Cleeves Riverside Quarter masterplan for the development of the Cleeves Factory has been fixed to the walls surrounding the site. Picture: Richard Lynch/ilovelimerick
Masterplan for Cleeves Riverside Quarter Development Revealed
By I Love Limerick correspondent Rachel Petticrew
A detailed masterplan of Limerick Twenty Thirty’s development of the Cleeves Factory site on the North Circular Road has been highlighted on large placards, which have been fixed to the walls surrounding the long derelict but historic area of Limerick City. The placards can also be viewed digitally on Limerick Twenty Thirty’s website.
The vision for the site is described through several key principles, such as embracing the River Shannon and the history of the Cleeves site, creating a vibrant community quarter and enhancing biodiversity in the area.
A six-month programme began in March 2021 to come up with a blueprint for the 10-acre Cleeves Riverside Quarter site, which will see Limerick Twenty Thirty – the development company established by Limerick City and County Council – bring its €500m programme to the north side of the Shannon. The total cost of the project is estimated at €250 – €300 million and delivery will take approximately seven years.
The development of the sites original structure, the flax mill, is seen as an opportunity to kickstart the wider development of the Cleeves site. Limerick Twenty Thirty believes the flax mill has survived the past two centuries through bold vision – confidence in the value of the buildings and their ability to suit a new purpose. The company also understands the Cleeves Factory should remain as the iconic face of Limerick City.
The central factory buildings will be the most impressive area of the development, with offices, shops, a supermarket and a school planned, as well as a large community hub for the original flax mill building. A hillside town square, reminiscent of an Italian hill town will also be a community focal point, located at the rear of the site.
The development focuses significantly on biodiversity and the environment, with large green spaces dominating the site, as well as a plan to reconnect and reactivate the River Path, which runs along the sites river edge. A new riverside landmark is also on the cards.
There are constraints to developing the site, largely due to its age. Two areas of the site are protected structures, including the factory’s iconic chimney. Flood risks and surface-level changes are also an issue, due to the site’s proximity to the banks of the River Shannon.
“Cleeves will, ultimately, be a 2030 project. It’s going to take seven years to develop because of its size and, indeed, the sensitivities around the site. This is a historic site and there are even constraints beyond that which we have to manage,” acknowledged Limerick Twenty Thirty CEO David Conway.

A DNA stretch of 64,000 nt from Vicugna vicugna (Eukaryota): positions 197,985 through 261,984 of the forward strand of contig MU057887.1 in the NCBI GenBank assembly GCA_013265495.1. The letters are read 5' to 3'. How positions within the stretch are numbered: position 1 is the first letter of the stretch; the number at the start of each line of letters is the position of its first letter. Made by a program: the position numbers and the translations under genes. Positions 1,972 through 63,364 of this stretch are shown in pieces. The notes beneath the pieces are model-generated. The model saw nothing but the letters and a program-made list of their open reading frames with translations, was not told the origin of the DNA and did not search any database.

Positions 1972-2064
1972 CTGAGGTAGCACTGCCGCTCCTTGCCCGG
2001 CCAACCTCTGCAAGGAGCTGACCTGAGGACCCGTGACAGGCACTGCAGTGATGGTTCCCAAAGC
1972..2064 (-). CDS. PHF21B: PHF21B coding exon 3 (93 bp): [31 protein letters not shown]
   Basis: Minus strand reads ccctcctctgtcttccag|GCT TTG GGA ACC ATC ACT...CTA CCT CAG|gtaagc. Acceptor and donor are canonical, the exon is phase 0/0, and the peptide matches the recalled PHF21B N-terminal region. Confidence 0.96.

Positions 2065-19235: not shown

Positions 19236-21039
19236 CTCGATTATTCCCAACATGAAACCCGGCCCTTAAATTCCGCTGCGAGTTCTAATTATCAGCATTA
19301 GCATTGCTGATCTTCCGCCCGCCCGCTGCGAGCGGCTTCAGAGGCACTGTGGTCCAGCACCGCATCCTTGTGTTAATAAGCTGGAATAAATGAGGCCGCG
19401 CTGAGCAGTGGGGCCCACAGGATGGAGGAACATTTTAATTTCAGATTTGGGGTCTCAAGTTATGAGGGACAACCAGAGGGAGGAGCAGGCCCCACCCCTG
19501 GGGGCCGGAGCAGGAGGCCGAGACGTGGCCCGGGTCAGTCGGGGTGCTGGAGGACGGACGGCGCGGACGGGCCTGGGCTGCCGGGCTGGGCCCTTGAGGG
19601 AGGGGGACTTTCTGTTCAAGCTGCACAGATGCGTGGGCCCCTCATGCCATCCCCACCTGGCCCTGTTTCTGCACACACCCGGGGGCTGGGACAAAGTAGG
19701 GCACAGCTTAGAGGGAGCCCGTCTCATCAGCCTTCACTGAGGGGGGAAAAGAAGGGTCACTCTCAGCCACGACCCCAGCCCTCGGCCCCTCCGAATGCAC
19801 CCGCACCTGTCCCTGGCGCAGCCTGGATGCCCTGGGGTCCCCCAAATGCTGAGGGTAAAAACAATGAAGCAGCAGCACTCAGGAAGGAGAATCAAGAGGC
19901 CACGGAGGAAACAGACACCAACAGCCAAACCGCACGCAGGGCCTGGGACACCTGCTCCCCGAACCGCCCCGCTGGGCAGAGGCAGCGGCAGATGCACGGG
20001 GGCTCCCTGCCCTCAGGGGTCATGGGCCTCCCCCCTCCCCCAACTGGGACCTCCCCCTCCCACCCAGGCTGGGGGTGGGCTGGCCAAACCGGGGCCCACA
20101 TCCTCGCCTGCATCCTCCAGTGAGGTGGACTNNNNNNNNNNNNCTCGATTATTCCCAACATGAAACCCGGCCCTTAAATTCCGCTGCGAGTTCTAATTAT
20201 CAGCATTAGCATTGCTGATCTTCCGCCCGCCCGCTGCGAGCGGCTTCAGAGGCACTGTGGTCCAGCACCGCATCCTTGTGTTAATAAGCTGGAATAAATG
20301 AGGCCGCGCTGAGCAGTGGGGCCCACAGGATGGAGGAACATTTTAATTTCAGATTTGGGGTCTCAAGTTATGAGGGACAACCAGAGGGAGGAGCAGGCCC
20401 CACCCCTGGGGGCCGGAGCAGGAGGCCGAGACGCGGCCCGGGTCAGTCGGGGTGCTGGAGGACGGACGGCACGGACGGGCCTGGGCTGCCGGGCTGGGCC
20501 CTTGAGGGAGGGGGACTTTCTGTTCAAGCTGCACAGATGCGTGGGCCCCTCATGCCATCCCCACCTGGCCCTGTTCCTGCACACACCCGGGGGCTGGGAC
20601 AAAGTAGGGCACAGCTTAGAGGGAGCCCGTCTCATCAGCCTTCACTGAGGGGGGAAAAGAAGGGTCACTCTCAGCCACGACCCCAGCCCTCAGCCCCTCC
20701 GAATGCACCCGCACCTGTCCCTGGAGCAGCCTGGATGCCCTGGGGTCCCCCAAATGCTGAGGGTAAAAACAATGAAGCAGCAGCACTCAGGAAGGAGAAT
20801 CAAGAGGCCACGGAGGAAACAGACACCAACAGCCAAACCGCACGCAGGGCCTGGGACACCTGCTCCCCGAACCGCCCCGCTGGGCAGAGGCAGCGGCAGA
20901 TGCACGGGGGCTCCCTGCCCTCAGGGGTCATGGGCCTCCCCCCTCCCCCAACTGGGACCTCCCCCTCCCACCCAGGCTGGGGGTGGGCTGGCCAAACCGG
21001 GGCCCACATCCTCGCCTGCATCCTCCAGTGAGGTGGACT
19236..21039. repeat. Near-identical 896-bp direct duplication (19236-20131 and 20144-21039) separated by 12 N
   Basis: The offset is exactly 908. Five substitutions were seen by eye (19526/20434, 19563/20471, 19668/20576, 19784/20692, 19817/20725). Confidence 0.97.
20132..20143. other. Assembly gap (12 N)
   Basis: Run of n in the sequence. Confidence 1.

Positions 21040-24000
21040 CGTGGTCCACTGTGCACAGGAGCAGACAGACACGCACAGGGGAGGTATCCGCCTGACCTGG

Mr Conway said that while the southern side of the river has been the traditional ‘city centre’, Cleeves will extend the heart of Limerick across the river.
“We believe it will be a catalyst for further investment to follow so this is the start of something very significant, not just for this side of the river but for Limerick as a whole.”
Limerick Twenty Thirty will provide further updates and information on the Cleeves Riverside Quarter development over the coming months, with public consultation around the site set for early 2022.
As images of the newly revealed placards began to surface online, many Limerick locals were keen to voice their idea’s for the development.
“I would love to see St Michael’s Rowing Club and the area around it focus on sport & recreation, including public playing pitches, courts and riverside gyms,” said one Twitter user.
“I think for any development to be successful, there needs to be a residential anchor. Cleeves could and should include some high-end, open-plan apartments with views overlooking the river. Those residents provide consistent footfall for commercial units on the ground floor”, said another.
The iconic 10-acre site is divided into two sections that straddle both sides of the North Circular Road and O’Callaghan Strand. Constructed in the mid-nineteenth century, the factory’s chimney structure dominates the Limerick City skyline.
The Cleeves factory boomed with sales of condensed milk in the early 20th century, however it was Cleeves Slab Toffee that became the factories main output until its closure in 1974. Immortalised in Frank McCourt’s book Angela’s Ashes, Cleeves toffee is fondly remembered both in Limerick and across Ireland.
To view the Cleeves Riverside Quarter masterplan placards online go HERE
For more stories on Cleeves Riverside Quarter go HERE
For more information on Limerick Twenty Thirty go HERE